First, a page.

Bali Nine drug smuggler Renae Lawrence has been released from Indonesia's Bangli Prison and is expected to board a flight to Australia after spending more than 13 years behind bars.
Lawrence walked out of the prison on Wednesday afternoon local time (shortly before 10pm NZT) through a media throng into a waiting car to be taken to Denpasar airport.
Justice department officials had minutes earlier announced the 41-year-old's release and that all processes for her release, including a health check, had been completed.
"We have issued a release from the prison and the prison has already conducted a health check and the result is the prisoner was healthy," a white-shirted senior official told the media outside the jail.
"This is the paper that shows she is now a free woman," he said, indicating the document.
He said the immigration department would process Lawrence and she would be driven to the immigration detention centre at the airport before departing for Australia.
"The immigration department has released a letter asking for the immediate departure of Renae Lawrence from Indonesia," the official said.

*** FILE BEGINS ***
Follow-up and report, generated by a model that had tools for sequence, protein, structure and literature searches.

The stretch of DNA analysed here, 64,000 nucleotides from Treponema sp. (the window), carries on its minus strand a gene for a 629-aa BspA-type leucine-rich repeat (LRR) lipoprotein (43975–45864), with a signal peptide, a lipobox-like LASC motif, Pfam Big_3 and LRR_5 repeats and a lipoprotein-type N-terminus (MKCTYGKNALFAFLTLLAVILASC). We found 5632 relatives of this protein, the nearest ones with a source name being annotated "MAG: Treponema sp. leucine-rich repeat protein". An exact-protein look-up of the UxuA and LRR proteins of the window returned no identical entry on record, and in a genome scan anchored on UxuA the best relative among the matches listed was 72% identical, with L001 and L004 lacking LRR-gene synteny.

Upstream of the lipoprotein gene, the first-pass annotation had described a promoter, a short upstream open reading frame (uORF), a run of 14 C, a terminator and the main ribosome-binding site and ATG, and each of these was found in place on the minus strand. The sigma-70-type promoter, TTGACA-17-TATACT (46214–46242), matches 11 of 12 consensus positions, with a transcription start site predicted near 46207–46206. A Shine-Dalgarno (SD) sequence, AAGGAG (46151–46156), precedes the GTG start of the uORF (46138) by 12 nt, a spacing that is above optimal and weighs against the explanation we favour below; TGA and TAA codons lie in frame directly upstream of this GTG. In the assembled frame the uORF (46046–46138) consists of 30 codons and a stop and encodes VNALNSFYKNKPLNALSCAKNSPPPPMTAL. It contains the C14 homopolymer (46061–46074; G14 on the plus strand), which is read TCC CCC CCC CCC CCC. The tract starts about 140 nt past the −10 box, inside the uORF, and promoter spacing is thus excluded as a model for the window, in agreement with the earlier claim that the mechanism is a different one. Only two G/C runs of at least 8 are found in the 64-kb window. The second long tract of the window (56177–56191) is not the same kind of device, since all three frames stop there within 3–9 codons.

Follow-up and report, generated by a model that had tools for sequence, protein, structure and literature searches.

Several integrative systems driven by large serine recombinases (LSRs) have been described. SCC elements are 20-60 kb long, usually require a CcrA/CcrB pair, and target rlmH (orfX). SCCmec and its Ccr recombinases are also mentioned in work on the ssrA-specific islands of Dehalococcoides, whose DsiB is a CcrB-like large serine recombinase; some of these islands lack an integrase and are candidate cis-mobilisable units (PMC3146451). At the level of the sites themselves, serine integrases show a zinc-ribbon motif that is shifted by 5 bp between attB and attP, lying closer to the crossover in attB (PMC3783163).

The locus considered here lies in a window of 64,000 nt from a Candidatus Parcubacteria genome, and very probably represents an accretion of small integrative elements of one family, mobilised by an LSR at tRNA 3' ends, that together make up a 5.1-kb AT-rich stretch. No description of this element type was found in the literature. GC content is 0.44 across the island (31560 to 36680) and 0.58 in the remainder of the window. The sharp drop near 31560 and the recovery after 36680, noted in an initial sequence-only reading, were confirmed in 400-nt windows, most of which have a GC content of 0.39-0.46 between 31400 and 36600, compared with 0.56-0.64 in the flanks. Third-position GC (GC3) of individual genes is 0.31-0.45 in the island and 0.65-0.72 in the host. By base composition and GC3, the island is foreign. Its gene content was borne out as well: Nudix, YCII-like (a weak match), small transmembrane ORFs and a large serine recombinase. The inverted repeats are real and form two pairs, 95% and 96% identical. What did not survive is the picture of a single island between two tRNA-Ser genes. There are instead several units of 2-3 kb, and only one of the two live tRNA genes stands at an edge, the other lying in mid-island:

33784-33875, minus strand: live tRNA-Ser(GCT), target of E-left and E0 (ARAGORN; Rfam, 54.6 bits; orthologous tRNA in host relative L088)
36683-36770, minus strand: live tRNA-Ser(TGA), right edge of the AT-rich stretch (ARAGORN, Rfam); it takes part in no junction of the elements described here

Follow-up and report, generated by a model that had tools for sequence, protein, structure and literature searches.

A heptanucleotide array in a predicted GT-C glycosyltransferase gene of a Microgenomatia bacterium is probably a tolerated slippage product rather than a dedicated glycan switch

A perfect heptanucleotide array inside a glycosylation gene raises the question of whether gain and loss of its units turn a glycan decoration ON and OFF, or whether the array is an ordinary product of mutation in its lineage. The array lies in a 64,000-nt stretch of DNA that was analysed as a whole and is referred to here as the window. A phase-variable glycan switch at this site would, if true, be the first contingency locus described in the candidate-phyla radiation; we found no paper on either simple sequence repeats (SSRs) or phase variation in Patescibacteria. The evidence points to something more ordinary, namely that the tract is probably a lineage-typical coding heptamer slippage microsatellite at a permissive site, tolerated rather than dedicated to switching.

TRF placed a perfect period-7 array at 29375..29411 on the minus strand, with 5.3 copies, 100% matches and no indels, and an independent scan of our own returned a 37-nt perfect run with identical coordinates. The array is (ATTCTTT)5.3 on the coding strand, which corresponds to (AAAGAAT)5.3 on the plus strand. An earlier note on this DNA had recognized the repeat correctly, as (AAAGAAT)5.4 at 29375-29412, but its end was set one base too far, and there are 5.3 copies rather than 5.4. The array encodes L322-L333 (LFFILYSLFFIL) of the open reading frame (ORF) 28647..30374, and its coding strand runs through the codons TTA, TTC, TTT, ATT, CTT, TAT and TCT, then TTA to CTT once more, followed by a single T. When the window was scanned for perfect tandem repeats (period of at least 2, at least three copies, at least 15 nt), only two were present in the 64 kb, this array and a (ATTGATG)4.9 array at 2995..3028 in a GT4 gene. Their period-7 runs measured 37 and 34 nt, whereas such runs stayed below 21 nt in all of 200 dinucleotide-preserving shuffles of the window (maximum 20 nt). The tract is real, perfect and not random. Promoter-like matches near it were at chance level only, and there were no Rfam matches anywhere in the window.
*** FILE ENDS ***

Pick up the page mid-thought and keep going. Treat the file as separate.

Lawrence is expected to fly out on Wednesday night.
She was arrested at Bali's main airport in April 2005 with 2.7 kilograms of heroin strapped to her body as part of a bid to smuggle a total of eight kilograms of heroin into Australia.
The former panel beater from Newcastle in New South Wales has been held in three different Bali prisons.
The most recent was Bangli Prison, in mountainous eastern Bali.
Five police officers arrived at the prison earlier on Wednesday and are expected to escort Lawrence on the 90-minute drive to Denpasar before her flight.
Her mother, Bev Waterman, and stepbrother, Allan Waterman, are already in Bali and will accompany her on the flight home.
They have reportedly been given a new passport for Lawrence, provided by consular officials in Bali.
A local doctor who visits Bangli prison is reported to have prescribed anti-depressants to help Lawrence cope with anxiety before her long-awaited chance for a new start in life.
When she returns, Lawrence is facing two arrest warrants from NSW Police that have been outstanding since 2005.
One warrant alleges she was involved in a high-speed chase in a stolen car.
But NSW Police Commissioner Mick Fuller has indicated a deal with her lawyers was more likely than handcuffs on the tarmac when she flies in.
Five other Bali Nine members remain imprisoned in Bali, one died from cancer in May and the other two, Andrew Chan and Myuran Sukumaran, were executed by firing squad in 2015.